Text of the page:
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Center for
Freedom and Prosperity
 P.O. Box 10882
Alexandria, Virginia

CF&P  Press Release, December 8, 2009

Center for Freedom and Prosperity Foundation

For Immediate Release
Tuesday, December 8, 2009

Coalition for Tax Competition
Condemns the Value Added Tax

(Washington, D.C., Tuesday, December 8, 2009) The Center for Freedom and Prosperity Foundation, joined by 21 of the country's most influential free-market and taxpayer groups, has sent a letter warning President Obama, Treasury Secretary Timothy Geithner and top Congressional leaders "about the fiscal and economic risks of a value-added tax (VAT)."

The Coalition for Tax Competition letter is in response to a growing push for the implementation of a VAT in the United States.  The letter examines the failed history of VAT's in Europe and finds that VAT's have traditionally been associated with large increases in the overall tax burden and level of government spending. The letter concludes that " the United States should not repeat the mistakes of Europe…bigger government and higher taxes would mean sluggish economic performance and lower living standards." Text of the full letter can be found below.

Link to Coalition for Tax Competition letter:

"VAT's have historically resulted in massive increases in the overall fiscal burden," said Andrew F. Quinlan, President of the Center for Freedom and Prosperity Foundation.  "The massive expansion of government in Europe over the last thirty years was made possible in large part by the VAT," he added.

Dan Mitchell, a fiscal policy expert at the Cato Institute, and narrator of the Center's recent video on the VAT (video link below), remarked, "The interest groups and politicians pushing for the value-added tax want a new tax to finance more government spending."

     CF&P's Value-Added Tax Video link:

Other comments from Coalition members:

Grover Norquist, President, Americans for Tax Reform: "Unless we want to end up with the economic stagnation of Western Europe, we have to avoid a VAT at all costs."

Duane Parde, President, National Taxpayers Union: "A European-style Value-Added Tax would burden taxpayers, businesses and entrepreneurs with another layer of taxes in an economy that's already sagging under the weight of big government."

Karen Kerrigan, President & CEO, Small Business and Entrepreneurship Council: "A VAT will hurt small businesses, kill jobs and make our economic situation worse."

David A. Keene, Chairman, American Conservative Union: "We simply cannot afford to give politicians another source of revenue.  They have done enough damage with what they have already."

Tim Phillips, President, Americans for Prosperity: "The evidence is clear that VATs increase the overall tax burden, increase the size of government and decrease prosperity."

Terrence Scanlon , President, Capital Research Center: "VATs are a clear cut path to bigger government and a European style welfare state." 


Text of Letter:

Coalition for Tax Competition

December 4, 2009

The President
The White House
1600 Pennsylvania Ave.
Washington, D.C. 20500

[Letter also sent to sent to Speaker Pelosi, Minority Leader Boehner, Majority Leader Reid, Minority Leader McConnell, and Treasury Secretary Timothy Geithner]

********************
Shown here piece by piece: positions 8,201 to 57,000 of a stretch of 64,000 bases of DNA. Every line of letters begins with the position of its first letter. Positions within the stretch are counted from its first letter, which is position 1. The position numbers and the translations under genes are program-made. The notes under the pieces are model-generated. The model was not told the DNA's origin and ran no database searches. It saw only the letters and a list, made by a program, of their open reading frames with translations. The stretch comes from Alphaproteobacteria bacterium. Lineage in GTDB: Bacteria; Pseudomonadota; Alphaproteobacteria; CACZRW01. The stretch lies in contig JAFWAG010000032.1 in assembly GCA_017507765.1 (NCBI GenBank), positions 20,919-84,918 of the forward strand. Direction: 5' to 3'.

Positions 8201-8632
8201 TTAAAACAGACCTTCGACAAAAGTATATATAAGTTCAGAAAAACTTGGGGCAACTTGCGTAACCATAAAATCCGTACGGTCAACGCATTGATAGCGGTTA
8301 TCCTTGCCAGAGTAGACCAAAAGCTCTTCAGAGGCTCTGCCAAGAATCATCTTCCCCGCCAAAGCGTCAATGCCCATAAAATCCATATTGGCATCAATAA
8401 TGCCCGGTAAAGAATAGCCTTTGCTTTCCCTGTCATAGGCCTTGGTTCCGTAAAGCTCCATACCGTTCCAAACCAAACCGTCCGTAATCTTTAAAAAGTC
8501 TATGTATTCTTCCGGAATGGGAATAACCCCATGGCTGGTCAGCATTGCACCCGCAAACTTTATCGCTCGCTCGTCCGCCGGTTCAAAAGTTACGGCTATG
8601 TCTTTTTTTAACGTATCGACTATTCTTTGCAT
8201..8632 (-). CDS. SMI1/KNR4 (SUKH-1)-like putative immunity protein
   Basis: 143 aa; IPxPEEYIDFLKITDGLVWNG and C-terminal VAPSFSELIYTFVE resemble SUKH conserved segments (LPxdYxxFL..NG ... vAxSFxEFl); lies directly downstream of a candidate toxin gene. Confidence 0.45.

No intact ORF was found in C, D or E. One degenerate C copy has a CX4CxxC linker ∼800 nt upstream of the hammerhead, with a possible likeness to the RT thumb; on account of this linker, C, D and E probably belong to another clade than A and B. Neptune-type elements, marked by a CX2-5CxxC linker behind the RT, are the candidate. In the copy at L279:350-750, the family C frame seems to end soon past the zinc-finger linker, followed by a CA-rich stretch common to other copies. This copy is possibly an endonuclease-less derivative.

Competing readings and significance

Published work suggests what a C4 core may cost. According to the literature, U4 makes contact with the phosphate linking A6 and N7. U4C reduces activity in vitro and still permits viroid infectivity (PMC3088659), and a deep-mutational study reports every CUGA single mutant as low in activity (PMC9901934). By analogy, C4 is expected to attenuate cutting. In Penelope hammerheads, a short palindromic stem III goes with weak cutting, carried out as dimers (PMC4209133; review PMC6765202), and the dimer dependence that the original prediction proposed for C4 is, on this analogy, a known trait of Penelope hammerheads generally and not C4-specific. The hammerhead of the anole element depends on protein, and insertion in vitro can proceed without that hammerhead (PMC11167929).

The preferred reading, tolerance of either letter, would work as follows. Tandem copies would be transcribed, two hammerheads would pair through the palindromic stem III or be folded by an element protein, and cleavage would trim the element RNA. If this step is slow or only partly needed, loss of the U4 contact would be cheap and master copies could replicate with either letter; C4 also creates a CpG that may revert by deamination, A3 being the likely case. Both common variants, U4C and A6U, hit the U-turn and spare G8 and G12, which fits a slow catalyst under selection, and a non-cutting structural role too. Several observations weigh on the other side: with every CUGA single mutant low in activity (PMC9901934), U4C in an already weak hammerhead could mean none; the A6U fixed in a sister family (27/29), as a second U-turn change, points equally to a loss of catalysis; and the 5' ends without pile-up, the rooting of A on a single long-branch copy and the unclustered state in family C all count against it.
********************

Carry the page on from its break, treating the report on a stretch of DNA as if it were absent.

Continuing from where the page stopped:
Dear Mr. President:

We write today to you to warn about the fiscal and economic risks of a value-added tax (VAT). American workers, consumers and taxpayers would all suffer if a VAT was added on top of the current income tax. By increasing the amount of money flowing to Washington, a VAT would facilitate an increase in the burden of government spending. A VAT also would serve as an excuse for higher tax rates on personal income and corporate income because of Washington's myopic focus on distributional issues. 

The evidence from Europe is not encouraging. Following the enactment of VATs beginning in the late 1960s, Europe has suffered big increases in overall tax burdens, up from 27.7 percent of GDP in 1965 to 38.9 percent of economic output according to the latest data. Government spending levels also have risen, from 30.1 percent of GDP in 1965 to 47.1 percent. Even taxes on income and profits have become more burdensome, climbing from 8.8 percent of GDP in 1965 to 13.8 percent. 

The United States should not repeat the mistakes of Europe. Bigger government and higher taxes would mean sluggish economic performance and lower living standards.


Andrew F. Quinlan ~ President, Center for Freedom and Prosperity Foundation
Grover Norquist ~ President, Americans for Tax Reform
Duane Parde ~ President, National Taxpayers Union
Matt Kibbe ~ President, FreedomWorks
Karen Kerrigan ~ President & CEO, Small Business and Entrepreneurship Council
David A. Keene ~ Chairman, American Conservative Union
Michelle Bernard ~ President and CEO, Independent Women's Forum
Tim Phillips ~ President, Americans for Prosperity
Clyde Wayne Crews ~ Vice President for Policy, Competitive Enterprise Institute
Tom Giovanetti ~ President, Institute for Policy Innovation
Tom Schatz ~ President, Council for Citizens Against Government Waste
Terrence Scanlon ~ President, Capital Research Center
Stephen J. Entin ~ President, Institute for Research on the Economics of Taxation
Lew Uhler ~ President, National Tax Limitation Committee
Andrew Langer ~ President, The Institute for Liberty
Tom McClusky ~ Senior Vice President, FRC Action
Jim Martin ~ President, 60 Plus Association
Robert E. Bauman ~ Legal Counsel, The Sovereign Society
Lawrence J. McQuillan ~ Director, Bus. and Econ. Studies, Pacific Research Institute
Rick Durham ~ President, Tennessee Tax Revolt
Roland Boucher ~ Chairman, United Californians for Tax Reform
Chuck Muth ~ President, Citizen Outreach


Coalition for Tax Competition
P.O. Box 10882
Alexandria, Virginia 22310



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